If you watched the news or read any kind of news-related media on the web, you’ve likely heard of the Turpin family. This time last year, news broke that authorities had uncovered one of the most tragic and shocking child abuse cases they’d yet to see in California history.
The family was a rather large one with thirteen children in total. What seemed to be an ordinary family from the outside was something much different and darker behind closed doors.
A documentary called Tortured by Mum and Dad?: The Turpin 13 has since been made about the family, detailing all the horrific tragedies the children had to endure. Here’s a brief rundown:
“This documentary investigates the shocking story of David and Louise Turpin, who kept their 13 children imprisoned in their own home until they were found in January 2018 when one of the siblings escaped and called the police. This programme shines a light on the mystery of how an unassuming suburban family in California managed to hide their dark and sinister secret for so long.”
The news hit the fan when one of the eldest Turpin children, who was 17 at the time, escaped out of a bedroom window. She immediately called 911 through a deactivated cell phone. Once the police arrived on the scene, there was no turning back.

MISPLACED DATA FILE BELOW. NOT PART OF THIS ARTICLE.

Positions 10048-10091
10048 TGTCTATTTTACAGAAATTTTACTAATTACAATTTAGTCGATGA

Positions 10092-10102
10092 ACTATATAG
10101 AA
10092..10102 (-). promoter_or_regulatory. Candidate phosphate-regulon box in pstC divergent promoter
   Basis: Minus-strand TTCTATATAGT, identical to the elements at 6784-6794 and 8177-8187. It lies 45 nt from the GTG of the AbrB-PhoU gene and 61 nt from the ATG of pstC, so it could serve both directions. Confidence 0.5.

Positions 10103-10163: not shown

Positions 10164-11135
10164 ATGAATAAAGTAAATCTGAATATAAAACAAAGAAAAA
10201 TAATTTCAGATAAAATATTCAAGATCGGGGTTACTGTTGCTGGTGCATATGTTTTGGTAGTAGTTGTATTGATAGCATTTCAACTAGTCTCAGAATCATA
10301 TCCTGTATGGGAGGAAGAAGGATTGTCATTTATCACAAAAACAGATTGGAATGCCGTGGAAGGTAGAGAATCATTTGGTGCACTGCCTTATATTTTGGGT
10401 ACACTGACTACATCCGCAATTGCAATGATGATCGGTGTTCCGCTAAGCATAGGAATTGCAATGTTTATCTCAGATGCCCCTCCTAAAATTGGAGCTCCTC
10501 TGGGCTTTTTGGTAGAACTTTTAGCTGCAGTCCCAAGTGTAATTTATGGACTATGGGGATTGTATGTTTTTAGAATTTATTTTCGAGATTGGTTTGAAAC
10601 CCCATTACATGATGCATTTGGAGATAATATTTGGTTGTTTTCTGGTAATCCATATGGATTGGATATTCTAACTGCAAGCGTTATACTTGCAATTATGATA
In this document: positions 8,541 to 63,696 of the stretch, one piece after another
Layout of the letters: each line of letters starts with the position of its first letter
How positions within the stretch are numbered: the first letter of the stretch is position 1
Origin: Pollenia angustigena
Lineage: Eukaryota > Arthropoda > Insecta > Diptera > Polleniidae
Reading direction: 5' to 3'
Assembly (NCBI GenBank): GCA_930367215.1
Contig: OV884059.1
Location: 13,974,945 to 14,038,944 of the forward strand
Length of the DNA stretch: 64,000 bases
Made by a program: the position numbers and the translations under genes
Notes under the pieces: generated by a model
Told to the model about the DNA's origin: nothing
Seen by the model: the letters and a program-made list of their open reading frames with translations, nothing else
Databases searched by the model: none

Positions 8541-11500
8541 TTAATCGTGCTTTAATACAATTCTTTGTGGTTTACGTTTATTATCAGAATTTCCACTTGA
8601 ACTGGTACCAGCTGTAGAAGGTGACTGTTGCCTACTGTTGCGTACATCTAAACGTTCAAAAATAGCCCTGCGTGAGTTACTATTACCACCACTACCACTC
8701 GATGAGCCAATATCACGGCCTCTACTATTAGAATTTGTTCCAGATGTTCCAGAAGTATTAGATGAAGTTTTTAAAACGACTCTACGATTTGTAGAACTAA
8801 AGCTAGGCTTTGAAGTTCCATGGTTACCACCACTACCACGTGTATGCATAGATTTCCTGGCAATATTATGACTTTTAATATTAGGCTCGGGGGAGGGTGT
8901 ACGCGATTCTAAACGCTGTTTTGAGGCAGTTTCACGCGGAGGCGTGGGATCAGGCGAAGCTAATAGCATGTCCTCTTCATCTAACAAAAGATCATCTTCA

“The police arrived at the home and were shocked by the severe malnourishment of the children, some of whom appeared much younger than their actual age. Whilst rescuing the Turpin children from captivity, police said that the parents ‘were unable to immediately provide a logical reason why their children were restrained in that manner.’”
Now, one year after their rescue, the Turpin children are finding their voice. Their lawyer, Jack Osborn elaborated on their current state. He told that the seven oldest children are slowly but happily adapting to their new lives. Much to his and many others’ surprise, they have left many of their bitter feelings and hatred for their upbringing behind.
“They’re not bitter. They really take every day as it is - a gift. They want to be known as survivors, not victims,” Osborn told. He continued, “They came from a situation that seemed normal to them. And now they’re in a new normal. I think they may spend a long time processing the two.”
And that’s certainly understandable, to say the least. We do hope and pray that in the months and years to come, all of the children will continue to grow through the pain they endured and blossom into bright adults with an exciting future before them.